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Watch an AI Modeled After a Worm's Brain Park a Tiny Car Like a Pro

Researchers created a machine learning model loosely inspired by the brain of C. elegans to create a more interpretable kind of AI.
A worm drives a car
Images: Flickr/Joe Shlabotnik, Alexandre Prévot, Wikimedia. Composition: Author

The humble nematode, also known as C. elegans, is the only organism on Earth to have its entire nervous system and brain mapped out like a wiring schematic. We understand this little worm so well, in fact, that scientists are now trying to digitize its peabrain for use in machine learning experiments—in other words, creating worm-inspired AI.

Recreating a worm brain with a series of interconnected computational nodes, referred to as neural networks, is often an exercise in minimalism. Most recently, a team of researchers led by Ramin Hasani at TU Wein in Vienna succeeded in training a network made up of just 12 digital neurons—loosely inspired by the well-understood “tap withdrawal” neural circuit in C. elegans, which controls a physical reflex to touchto park a tiny RC car outfitted with sensors.


According to a paper describing the work published to the Arxiv preprint server in September, the point wasn’t to see if a worm can drive a car but to create an AI model that is simple for humans to understand. A big problem with neural networks right now is that the more complex they are—sometimes containing millions of nodes and even more connections between them—the less interpretable their decisions are to their human creators. This is less than ideal, especially if AI systems help to make immensely consequential decisions like who gets bail.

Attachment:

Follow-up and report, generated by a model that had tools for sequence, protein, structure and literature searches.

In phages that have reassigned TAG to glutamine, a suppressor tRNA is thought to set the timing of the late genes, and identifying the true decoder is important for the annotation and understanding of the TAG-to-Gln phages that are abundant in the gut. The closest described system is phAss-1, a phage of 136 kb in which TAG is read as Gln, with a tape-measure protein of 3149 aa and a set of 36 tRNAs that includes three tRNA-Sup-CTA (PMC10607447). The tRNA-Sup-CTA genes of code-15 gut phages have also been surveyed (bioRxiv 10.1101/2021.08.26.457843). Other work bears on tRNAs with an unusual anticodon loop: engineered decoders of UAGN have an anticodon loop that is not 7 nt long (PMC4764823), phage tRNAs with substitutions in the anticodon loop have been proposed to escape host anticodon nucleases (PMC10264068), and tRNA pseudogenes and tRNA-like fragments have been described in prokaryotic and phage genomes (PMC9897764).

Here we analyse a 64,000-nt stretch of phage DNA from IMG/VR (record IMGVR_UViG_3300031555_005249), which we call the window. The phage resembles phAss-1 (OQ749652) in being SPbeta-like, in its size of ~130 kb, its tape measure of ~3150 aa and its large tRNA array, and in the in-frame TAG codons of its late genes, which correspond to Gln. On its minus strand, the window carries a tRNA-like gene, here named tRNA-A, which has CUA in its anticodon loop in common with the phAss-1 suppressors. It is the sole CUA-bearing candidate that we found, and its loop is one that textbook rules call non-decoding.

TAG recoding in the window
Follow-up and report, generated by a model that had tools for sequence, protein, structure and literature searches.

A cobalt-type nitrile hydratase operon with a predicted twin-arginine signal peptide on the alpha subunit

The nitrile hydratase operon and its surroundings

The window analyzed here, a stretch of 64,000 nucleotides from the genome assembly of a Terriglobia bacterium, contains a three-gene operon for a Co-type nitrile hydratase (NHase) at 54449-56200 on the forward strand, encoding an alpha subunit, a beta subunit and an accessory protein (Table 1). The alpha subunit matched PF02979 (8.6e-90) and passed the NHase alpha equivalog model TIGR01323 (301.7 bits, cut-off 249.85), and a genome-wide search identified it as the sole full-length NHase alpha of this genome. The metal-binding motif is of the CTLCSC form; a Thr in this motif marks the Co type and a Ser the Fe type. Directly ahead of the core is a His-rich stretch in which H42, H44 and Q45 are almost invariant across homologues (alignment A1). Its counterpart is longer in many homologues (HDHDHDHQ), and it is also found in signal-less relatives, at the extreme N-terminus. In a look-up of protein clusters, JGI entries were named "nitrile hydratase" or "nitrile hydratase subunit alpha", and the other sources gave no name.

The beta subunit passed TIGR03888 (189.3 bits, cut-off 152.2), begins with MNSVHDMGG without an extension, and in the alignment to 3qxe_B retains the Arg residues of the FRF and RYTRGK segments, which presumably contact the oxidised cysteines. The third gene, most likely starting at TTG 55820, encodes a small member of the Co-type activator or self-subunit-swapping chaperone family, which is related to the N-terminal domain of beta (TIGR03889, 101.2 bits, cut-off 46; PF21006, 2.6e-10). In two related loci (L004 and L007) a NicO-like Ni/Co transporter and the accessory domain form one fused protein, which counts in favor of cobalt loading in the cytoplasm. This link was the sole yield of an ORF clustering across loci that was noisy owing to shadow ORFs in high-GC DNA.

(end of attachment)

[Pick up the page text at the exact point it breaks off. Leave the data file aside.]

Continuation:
“Because these circuits are small, they’re more interpretable because we can quantify the contribution of neurons to the output much better than other systems that are out there,” Hasani told me over the phone. “If you have machine learning models that are closer to the capacity of natural learning systems, then one of the main advantages is going to be more transparency and control.”

An interesting byproduct of AI that’s inspired by biology is being able to compare the two to see how similar they really are. “We tried to look into the circuits after training on a real-life task to try and understand if there is a relation between the actual worm and these circuits that are working on parking the car,” Hasani said. Curiously, both the AI model and the real C. elegans neural circuit contained two neurons that seemed to be acting antagonistically, he said—when one was highly active, the other wasn’t.

Worms, man. Worms and robots.

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